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Senate passes $170 billion in new business tax breaks
Will their corporate handouts ever stop?

By Nicole Colson | May 21, 2004 | Page 2

CORPORATE AMERICA got more than a little help from its friends in Washington--yet again. Last week, the Senate voted by a 92-to-5 margin to approve legislation that will grant a whopping $170 billion in new corporate tax breaks over the next 10 years.

The justification for the massive giveaway, according to the Senate and White House, is that the bill will close down a number of corporate tax shelters. Most prominent was a $5 billion annual tax break for U.S. exporters--which the World Trade Organization had already declared illegal, opening the way for the European Union to begin levying punitive tariffs.

But closing this loophole was the excuse for opening up dozens of others. "The measure that passed was a 900-page behemoth that offered something for almost every business interest--Rust Belt manufacturers, pharmaceutical companies, oil and gas producers, railroads and cruise-ship operators, timber companies, Oldsmobile dealers and even owners of Nascar automobile race tracks," the New York Times reported.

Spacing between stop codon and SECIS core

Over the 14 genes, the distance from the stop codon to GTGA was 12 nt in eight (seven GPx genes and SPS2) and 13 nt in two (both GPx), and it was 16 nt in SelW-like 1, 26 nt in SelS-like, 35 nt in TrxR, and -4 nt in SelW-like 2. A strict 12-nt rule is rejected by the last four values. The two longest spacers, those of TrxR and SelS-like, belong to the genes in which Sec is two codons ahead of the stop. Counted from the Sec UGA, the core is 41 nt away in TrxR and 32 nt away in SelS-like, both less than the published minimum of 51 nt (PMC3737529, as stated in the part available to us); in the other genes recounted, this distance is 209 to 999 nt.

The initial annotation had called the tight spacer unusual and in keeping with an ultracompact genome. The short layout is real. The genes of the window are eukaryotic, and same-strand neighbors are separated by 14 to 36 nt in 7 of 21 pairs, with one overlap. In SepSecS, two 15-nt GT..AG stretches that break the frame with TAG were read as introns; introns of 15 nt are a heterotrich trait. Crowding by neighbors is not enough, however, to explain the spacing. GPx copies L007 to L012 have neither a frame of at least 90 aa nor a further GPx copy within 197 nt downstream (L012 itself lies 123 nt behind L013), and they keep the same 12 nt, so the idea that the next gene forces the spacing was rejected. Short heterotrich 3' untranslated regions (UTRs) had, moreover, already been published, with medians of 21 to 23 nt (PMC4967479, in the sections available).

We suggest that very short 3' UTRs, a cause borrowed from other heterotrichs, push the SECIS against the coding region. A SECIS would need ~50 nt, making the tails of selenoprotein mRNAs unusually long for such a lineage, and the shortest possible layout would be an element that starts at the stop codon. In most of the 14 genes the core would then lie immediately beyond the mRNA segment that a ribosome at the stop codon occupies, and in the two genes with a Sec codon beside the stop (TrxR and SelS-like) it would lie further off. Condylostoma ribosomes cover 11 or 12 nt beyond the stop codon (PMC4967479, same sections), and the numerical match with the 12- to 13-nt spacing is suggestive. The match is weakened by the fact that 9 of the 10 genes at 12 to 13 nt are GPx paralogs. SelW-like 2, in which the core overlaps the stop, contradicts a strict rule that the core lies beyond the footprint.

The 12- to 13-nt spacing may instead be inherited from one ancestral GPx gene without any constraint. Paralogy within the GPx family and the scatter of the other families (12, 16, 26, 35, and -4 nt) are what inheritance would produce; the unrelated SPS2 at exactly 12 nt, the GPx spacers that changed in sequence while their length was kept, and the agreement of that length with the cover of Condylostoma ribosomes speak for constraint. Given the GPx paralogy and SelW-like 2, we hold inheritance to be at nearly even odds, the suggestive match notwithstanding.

According to Keith Ashdown, vice president of Taxpayers for Common Sense, "Some of the highlights in the bill include: breaks for big energy, ranchers, Oldsmobile dealers, horses, horse racing, energy derived from chicken poop, Hollywood, rail, shipbuilders, small planes and jets, the timber industry and the liquor industry...Instead of just simply fixing the $5 billion illegal export subsidy, lawmakers have lined this bill with parochial tax pork that does nothing but bust the budget."

The "tax pork" includes such boondoggles as: a provision that allows the cruise ship industry a one-year delay in paying taxes on airplane tickets, hotels and other excursions that it sells in the U.S.; a tax credit for natural gas production in Alaska; $14 billion worth of tax breaks for every special energy interest in the country, including oil, gas, nuclear and utilities; and $92 million in tax breaks to allow NASCAR track owners to write off their grandstand facilities.

Even more disgusting, Senate Democrats had the opportunity to add an amendment to the bill that would have extended unemployment benefits for 1.5 million workers who have used up their benefits since December 31. But they blew it.

Extending the benefits would have cost just $5.8 billion--next to nothing compared to the massive giveaway to corporations. But in the end, the amendment fell one vote short of the 60 needed to pass.

That one vote could have been cast by Sen. John Kerry (D-Mass.)--but he was too busy on the campaign trail to come back to Washington. Kerry says that the vote on the amendment was orchestrated by Republicans to make him look bad. This from the man whose proposal for creating more jobs guessed, more tax breaks for Corporate America.

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